Spin-transfer torque (STT) in hybrid magnetic nanostructures provides access to high frequency magnetization dynamics of a ferromagnetic element driven by a dc current. Here the term STT describes the transfer of angular (spin) momentum from a spin-polarized- or a pure spin current to the local magnetization of the magnetic element. Technologically, the STT may be used to conceptualize new types of magnetic memory devices (MRAM) that can be written using a direct current. Here we explore the possibility to create miniaturized and highly tunable microwave devices, such as emitters and filters, based on the STT in arrays of magnetic nanopillars (see Figure 1).

Figure 1: Illustration of a nanopillar-array STO and its integration in a coplanar microwave device.

Hybrid magnetic nanopillars with a radius 10nm to 50 nm and lengths up to several µm are grown electrochemically in a self-assembled alumina template. Their morphology, composition and stacking sequence can be controlled via the template as well as the processing and growth conditions. In contrast to earlier reports, we are focusing on arrays of nanopillars representing an ensemble of a large number of coupled spin-transfer oscillators (STOs). It has been shown that synchronization of few STOs coupled via propagating spin-wave modes is possible. Here we investigate whether a synchronized operation of many hundreds or thousands of nano-STOs is possible. Currently, we established that individual micro-resonators incorporating between 103 and 107 magnetic nanopillars with a diameter of approximately 30 nm can be grown and integrated in coplanar microwave circuits (Figure 2).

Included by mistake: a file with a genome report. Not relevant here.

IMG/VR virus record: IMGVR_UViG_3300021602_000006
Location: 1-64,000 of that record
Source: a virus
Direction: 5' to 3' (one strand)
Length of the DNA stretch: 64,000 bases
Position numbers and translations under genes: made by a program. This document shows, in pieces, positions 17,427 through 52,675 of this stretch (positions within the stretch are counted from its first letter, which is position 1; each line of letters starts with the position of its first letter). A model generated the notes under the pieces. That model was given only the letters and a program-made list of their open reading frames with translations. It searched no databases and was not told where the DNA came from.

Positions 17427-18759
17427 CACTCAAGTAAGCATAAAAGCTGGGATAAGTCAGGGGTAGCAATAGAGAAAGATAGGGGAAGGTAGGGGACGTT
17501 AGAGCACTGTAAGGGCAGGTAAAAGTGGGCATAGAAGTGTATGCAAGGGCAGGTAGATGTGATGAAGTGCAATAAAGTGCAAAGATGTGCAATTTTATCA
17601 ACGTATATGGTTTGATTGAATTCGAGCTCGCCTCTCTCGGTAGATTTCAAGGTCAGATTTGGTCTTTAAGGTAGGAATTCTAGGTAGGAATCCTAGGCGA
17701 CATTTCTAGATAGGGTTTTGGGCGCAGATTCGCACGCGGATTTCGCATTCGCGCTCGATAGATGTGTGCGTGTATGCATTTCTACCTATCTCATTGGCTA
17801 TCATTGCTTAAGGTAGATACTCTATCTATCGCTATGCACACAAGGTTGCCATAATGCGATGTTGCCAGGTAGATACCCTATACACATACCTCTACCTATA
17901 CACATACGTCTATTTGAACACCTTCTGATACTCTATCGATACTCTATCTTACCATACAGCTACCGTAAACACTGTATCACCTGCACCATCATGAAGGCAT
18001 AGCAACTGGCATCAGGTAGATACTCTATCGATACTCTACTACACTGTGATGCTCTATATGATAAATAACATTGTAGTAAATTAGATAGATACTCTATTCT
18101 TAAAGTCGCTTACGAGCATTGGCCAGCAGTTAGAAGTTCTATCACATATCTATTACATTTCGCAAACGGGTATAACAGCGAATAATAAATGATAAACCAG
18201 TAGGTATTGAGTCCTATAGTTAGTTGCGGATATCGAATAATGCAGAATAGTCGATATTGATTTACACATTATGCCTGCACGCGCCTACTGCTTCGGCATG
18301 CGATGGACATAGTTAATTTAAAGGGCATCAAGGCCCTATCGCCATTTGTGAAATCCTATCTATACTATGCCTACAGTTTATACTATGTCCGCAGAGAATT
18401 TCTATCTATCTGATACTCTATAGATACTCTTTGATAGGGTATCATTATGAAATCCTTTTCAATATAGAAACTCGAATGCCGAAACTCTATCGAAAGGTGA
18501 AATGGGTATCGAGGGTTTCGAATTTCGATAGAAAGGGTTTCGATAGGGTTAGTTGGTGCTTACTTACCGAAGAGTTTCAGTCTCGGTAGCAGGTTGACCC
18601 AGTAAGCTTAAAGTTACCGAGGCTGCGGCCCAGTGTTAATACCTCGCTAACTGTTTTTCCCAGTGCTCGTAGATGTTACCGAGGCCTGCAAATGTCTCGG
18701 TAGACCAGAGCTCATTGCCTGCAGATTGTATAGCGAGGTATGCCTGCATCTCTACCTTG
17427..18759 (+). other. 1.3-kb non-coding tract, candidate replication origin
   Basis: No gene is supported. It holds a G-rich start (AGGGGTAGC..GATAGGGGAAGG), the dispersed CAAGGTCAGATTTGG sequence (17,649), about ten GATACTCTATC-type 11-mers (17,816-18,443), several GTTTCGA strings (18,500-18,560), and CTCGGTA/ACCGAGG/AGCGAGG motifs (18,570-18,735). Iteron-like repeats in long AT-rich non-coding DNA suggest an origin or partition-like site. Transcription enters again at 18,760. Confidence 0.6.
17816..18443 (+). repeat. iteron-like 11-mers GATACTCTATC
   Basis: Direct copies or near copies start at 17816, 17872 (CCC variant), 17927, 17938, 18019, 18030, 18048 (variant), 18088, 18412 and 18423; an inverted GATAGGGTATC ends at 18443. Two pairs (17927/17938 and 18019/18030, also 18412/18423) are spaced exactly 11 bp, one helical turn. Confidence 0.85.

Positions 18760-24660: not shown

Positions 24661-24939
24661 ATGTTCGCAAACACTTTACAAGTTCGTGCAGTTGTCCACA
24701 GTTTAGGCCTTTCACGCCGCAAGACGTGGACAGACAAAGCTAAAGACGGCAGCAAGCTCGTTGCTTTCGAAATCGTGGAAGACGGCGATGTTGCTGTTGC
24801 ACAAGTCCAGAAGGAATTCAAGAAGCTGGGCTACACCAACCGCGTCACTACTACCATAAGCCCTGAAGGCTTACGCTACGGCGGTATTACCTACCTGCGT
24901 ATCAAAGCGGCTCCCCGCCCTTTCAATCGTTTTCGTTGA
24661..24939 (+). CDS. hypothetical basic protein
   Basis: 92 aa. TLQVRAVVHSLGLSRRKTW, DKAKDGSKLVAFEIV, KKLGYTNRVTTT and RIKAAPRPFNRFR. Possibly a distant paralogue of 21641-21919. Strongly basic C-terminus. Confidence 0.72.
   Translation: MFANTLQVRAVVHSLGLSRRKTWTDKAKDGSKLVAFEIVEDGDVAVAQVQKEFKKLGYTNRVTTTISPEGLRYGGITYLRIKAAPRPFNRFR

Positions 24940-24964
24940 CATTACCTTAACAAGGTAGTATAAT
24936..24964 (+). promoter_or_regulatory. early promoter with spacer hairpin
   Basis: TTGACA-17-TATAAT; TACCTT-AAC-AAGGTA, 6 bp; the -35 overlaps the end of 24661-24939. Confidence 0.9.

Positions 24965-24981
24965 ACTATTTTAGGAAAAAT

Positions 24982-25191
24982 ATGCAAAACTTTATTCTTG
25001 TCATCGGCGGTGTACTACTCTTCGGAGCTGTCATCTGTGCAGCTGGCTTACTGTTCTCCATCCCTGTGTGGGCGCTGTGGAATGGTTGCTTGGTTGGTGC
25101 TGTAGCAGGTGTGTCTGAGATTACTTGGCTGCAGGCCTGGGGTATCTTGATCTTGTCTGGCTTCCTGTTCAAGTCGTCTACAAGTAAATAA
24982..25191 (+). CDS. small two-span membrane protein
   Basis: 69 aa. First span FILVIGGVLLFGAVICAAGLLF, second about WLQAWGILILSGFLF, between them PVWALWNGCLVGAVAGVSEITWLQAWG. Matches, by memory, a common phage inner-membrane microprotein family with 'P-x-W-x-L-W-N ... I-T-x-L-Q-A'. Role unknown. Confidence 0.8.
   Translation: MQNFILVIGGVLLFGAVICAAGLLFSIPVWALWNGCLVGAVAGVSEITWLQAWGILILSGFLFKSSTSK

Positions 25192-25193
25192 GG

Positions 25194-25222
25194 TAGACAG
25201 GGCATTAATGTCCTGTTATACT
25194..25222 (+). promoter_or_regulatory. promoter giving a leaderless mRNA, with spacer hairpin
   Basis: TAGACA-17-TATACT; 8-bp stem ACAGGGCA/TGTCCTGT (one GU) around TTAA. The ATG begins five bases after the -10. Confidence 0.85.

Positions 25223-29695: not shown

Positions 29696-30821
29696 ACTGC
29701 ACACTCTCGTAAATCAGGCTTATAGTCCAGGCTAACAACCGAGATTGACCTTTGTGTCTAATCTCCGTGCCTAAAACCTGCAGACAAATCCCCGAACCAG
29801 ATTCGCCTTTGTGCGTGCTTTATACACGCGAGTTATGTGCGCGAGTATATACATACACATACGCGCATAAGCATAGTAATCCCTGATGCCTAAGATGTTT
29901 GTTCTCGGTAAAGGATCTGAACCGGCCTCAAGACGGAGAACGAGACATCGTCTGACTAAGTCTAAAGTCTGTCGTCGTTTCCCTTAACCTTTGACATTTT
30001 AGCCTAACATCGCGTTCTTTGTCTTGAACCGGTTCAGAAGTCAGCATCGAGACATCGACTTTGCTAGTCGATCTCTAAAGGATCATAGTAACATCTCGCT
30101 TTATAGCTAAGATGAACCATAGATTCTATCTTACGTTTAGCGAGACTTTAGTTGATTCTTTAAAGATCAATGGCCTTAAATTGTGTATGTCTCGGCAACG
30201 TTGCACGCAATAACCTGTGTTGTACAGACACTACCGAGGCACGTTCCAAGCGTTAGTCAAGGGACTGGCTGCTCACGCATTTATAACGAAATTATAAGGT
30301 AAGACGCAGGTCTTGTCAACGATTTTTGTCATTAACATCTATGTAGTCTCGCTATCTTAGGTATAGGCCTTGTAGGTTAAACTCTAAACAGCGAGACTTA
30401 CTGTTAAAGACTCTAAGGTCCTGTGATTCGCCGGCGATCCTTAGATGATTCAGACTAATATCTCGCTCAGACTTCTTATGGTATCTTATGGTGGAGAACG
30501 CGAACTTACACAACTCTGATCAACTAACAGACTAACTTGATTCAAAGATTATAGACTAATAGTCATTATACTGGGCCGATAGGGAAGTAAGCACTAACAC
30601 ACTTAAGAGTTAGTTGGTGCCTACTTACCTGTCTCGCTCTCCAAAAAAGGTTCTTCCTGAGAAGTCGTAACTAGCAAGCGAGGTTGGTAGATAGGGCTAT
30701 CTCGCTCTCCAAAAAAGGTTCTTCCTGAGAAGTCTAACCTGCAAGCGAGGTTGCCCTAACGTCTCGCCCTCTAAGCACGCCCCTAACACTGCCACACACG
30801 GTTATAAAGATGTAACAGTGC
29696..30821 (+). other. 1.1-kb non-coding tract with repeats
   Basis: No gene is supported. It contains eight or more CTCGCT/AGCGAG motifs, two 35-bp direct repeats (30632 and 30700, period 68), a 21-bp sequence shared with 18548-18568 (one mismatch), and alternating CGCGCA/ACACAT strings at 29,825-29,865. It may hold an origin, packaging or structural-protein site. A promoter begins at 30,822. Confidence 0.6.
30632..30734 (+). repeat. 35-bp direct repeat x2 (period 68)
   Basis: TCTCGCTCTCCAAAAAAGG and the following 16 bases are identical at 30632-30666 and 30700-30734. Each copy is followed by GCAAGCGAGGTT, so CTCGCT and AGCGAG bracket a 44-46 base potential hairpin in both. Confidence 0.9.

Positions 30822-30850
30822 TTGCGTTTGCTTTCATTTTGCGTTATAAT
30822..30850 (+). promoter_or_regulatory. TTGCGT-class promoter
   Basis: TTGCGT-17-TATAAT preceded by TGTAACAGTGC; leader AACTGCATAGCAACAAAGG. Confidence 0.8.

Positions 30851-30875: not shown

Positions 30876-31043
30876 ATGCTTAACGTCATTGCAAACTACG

Figure 2: Micrographs of a nanopillar-array STO with an array size of 100 µm featuring in the order of 106 coupled oscillators.

The magnetic- and electronic transport properties as well as their magnetization dynamics are studied experimentally via magnetometry, ESR/FMR and transport spectroscopy and are correlated with the structural and morphological properties of the resonators. The immediate goal is to evaluate the effect of the coupling mechanism and the coupling strength among the nanopillars with respect to the synchronization of the STO modes, which is expected to result in significantly improved microwave emission power and lower linewidths in the frequency spectrum.


Contributors: Sergej Andreev, Roman Hartmann and Mengqi Fu
Former Contributors: Torsten Pietsch, Christoph Widmann (BSc student)
Period: Apr 2015 - June 2021